Movies, Masculinity, and Modernity: An Ethnography of Men's Filmgoing in India

Movies, Masculinity, and Modernity: An Ethnography of Men's Filmgoing in India

Movies, Masculinity, and Modernity: An Ethnography of Men's Filmgoing in India

Movies, Masculinity, and Modernity: An Ethnography of Men's Filmgoing in India

Synopsis

Men in India are attracted to Hindi films partly because of their attraction to depictions of "modern" lifestyles. Derne argues that films help men handle their ambivalence about modernity by rooting their sense of "Indianness" in women's acceptance of traditional food habits, clothing, and gender subordination. The book is one of the first ethnographic studies of filmgoing and one of the first to focus on mainstream male audiences.

Excerpt

While many Indians criticize popular films as intoxicating, time- wasting, and prompting bad behavior, movies are nevertheless ubiquitous in modern urban India. Crowds of young men hang around the tea stalls and hair-styling salons that surround urban cinemas. Throughout most cities, huge printed or hand-painted hoardings advertise films that are currently playing, and crude posters advertising films are attached to every available wall space. Hindi film music blares from radios and cassette players in homes, shops, restaurants, and tea stalls. In Banaras in 1987 Hindi-film music was such a common part of Indian wedding celebrations that an American photographer whom I met assumed that one film song was a traditional wedding song. Film dialogues are so well known that they are often repeated in everyday talk. Clothing, rickshaws, and autorickshaws are decorated with the names of favorite films and film stars. In Banaras in 1987 and Dehra Dun in 1991, television viewers' favorite shows were the weekly Hindi film and weekly selection of popular film songs. In most bazaars, merchants hawk posters of film stars, sell fan magazines, and rent videos of popular films to well-off Indians who watch them on video cassette recorders (VCRs) in the privacy of their homes. Mainstream magazines and newspapers regularly carry articles about films and film stars, while a dozen magazines cater exclusively to the Hindi-film audience.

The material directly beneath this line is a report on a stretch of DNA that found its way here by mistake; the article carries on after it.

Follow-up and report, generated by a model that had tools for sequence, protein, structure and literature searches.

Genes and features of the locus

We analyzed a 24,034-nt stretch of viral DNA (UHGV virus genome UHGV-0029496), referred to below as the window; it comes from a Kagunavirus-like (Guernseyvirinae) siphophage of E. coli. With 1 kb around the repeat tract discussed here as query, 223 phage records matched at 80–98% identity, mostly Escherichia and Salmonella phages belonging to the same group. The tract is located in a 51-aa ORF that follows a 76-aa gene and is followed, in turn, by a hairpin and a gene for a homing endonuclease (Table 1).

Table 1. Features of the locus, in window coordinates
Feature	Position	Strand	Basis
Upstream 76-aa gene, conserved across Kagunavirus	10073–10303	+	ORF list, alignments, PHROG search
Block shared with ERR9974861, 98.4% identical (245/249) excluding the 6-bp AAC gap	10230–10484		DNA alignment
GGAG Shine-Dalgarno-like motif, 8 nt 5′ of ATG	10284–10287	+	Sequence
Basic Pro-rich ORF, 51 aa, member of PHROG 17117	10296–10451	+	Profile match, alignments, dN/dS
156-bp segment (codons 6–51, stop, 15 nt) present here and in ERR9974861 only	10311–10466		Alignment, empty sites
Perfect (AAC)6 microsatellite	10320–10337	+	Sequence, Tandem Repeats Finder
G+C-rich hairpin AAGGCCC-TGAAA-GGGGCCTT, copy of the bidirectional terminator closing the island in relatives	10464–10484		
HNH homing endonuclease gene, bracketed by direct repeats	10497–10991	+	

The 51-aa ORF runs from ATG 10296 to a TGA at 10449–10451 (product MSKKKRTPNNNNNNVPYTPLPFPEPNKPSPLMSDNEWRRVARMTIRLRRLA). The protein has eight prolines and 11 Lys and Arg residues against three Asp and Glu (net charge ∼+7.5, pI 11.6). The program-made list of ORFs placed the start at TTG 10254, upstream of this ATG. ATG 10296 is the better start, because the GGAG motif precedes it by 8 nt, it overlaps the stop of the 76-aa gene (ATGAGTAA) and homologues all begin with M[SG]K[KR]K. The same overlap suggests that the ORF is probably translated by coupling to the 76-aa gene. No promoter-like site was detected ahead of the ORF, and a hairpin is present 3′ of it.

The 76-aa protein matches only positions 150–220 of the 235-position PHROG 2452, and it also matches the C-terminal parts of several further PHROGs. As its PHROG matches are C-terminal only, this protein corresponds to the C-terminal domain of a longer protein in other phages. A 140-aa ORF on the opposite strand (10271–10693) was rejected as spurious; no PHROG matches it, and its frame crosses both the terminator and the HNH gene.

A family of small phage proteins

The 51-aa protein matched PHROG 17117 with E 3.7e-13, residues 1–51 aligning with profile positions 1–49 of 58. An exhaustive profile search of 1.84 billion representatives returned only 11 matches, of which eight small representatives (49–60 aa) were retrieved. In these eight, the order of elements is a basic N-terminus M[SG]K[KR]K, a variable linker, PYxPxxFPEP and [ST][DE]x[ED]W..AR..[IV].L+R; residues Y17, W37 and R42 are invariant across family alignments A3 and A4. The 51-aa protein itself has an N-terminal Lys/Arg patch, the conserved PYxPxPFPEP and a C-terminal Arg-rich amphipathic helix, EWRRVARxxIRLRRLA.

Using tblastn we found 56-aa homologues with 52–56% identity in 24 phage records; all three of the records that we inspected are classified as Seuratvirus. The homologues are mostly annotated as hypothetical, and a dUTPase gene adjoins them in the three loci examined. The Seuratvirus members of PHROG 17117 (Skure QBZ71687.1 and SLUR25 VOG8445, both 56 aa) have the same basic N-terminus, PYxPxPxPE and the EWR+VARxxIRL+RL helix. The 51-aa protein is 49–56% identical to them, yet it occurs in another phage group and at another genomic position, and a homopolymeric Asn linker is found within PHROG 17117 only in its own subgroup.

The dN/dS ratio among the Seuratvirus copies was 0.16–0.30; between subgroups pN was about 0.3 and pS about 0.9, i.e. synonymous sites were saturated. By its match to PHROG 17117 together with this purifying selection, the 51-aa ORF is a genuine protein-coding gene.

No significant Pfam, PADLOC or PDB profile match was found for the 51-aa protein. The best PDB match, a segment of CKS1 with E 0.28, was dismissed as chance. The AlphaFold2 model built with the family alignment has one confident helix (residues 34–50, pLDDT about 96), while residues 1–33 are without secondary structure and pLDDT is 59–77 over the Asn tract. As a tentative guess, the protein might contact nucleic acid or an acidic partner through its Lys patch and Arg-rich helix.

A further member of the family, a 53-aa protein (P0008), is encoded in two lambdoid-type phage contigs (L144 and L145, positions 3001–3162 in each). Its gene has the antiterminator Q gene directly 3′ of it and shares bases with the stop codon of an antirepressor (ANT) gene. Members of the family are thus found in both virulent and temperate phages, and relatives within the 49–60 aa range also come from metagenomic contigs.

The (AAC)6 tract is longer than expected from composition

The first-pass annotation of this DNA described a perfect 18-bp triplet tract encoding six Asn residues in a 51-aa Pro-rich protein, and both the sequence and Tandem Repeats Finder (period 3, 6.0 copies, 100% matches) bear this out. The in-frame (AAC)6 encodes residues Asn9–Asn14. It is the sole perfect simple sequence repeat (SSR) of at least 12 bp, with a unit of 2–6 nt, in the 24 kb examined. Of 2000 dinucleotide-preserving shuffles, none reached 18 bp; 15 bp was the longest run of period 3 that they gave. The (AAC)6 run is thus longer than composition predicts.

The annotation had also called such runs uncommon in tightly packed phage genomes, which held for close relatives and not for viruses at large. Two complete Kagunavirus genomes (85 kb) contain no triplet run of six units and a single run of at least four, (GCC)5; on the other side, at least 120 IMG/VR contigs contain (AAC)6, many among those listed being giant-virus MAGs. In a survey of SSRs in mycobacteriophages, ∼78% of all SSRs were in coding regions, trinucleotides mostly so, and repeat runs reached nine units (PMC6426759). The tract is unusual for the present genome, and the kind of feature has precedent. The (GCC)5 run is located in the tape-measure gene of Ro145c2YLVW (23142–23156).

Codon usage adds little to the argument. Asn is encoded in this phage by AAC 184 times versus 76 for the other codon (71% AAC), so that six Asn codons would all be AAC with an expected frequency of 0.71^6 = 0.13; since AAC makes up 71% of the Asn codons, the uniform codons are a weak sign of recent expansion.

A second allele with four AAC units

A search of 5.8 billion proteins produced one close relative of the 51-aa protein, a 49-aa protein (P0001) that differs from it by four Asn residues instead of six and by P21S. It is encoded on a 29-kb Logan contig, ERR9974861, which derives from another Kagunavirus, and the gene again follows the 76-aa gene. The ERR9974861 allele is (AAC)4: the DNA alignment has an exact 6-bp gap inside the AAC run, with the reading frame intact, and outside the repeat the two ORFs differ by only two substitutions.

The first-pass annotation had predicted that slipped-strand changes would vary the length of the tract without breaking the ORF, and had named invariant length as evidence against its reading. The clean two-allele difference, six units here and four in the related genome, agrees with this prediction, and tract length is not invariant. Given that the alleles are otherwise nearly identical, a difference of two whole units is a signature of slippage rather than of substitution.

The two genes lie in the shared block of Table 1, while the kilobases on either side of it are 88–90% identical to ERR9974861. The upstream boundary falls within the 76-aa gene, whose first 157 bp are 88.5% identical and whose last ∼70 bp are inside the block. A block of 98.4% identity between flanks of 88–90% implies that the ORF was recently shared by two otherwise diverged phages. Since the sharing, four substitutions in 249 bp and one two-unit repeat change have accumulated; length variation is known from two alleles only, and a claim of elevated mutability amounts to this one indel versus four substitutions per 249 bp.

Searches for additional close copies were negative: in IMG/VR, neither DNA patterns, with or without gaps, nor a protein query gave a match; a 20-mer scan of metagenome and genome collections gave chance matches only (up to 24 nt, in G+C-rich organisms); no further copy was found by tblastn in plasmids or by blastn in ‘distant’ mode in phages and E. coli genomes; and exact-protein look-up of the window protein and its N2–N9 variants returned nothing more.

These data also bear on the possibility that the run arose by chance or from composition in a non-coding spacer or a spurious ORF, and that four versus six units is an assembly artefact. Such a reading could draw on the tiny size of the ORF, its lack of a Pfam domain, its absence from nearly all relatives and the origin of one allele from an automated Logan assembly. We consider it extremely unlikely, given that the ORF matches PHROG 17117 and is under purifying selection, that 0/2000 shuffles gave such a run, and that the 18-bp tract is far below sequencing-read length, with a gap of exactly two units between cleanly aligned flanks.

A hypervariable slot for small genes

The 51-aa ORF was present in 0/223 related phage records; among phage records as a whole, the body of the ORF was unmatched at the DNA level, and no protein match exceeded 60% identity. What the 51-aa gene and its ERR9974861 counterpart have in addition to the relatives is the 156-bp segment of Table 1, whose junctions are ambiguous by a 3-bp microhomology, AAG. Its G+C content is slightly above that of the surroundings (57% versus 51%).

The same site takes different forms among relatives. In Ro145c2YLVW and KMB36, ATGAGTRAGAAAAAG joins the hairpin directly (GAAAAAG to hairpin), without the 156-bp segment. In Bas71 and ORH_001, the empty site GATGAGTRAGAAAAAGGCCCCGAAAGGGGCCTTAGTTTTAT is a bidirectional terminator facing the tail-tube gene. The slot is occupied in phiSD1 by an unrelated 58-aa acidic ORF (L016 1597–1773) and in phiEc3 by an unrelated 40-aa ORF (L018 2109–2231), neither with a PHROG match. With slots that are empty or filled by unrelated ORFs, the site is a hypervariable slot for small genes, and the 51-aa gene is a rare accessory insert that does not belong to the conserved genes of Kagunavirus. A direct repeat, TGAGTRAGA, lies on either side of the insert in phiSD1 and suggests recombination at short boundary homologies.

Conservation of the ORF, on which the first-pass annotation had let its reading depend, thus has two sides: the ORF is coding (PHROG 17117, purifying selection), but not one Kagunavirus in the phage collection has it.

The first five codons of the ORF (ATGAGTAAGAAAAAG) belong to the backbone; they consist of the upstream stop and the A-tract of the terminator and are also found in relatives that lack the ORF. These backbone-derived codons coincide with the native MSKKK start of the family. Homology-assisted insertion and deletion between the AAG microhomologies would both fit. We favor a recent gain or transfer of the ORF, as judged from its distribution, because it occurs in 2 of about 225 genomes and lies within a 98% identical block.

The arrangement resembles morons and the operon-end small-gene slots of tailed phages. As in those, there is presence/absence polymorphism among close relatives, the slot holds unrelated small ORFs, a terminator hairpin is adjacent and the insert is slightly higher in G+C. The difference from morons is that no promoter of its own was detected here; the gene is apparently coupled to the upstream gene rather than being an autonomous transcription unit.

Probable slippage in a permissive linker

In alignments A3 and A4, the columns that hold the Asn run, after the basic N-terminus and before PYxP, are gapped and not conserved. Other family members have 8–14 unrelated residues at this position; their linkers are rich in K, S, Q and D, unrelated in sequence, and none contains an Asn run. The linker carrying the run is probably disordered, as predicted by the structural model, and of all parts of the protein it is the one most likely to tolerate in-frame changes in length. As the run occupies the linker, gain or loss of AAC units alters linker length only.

Like many students of Hindi, I found Hindi film a useful way of improving my language skills. While living in the United States, I found commercial Hindi films boring and predictable. But I began to love Hindi films during the 15 months I spent interviewing men in Banaras about their family lives in 1986 and 1987. I loved to escape from the heat, dirt, and crowds of everyday life by seeing a fantasy of distant hills from an air-conditioned balcony seat. I was thrilled by the suggestive dances of the beautiful heroines of Indian cinema. I enjoyed the companionship of attending films with my male friends.

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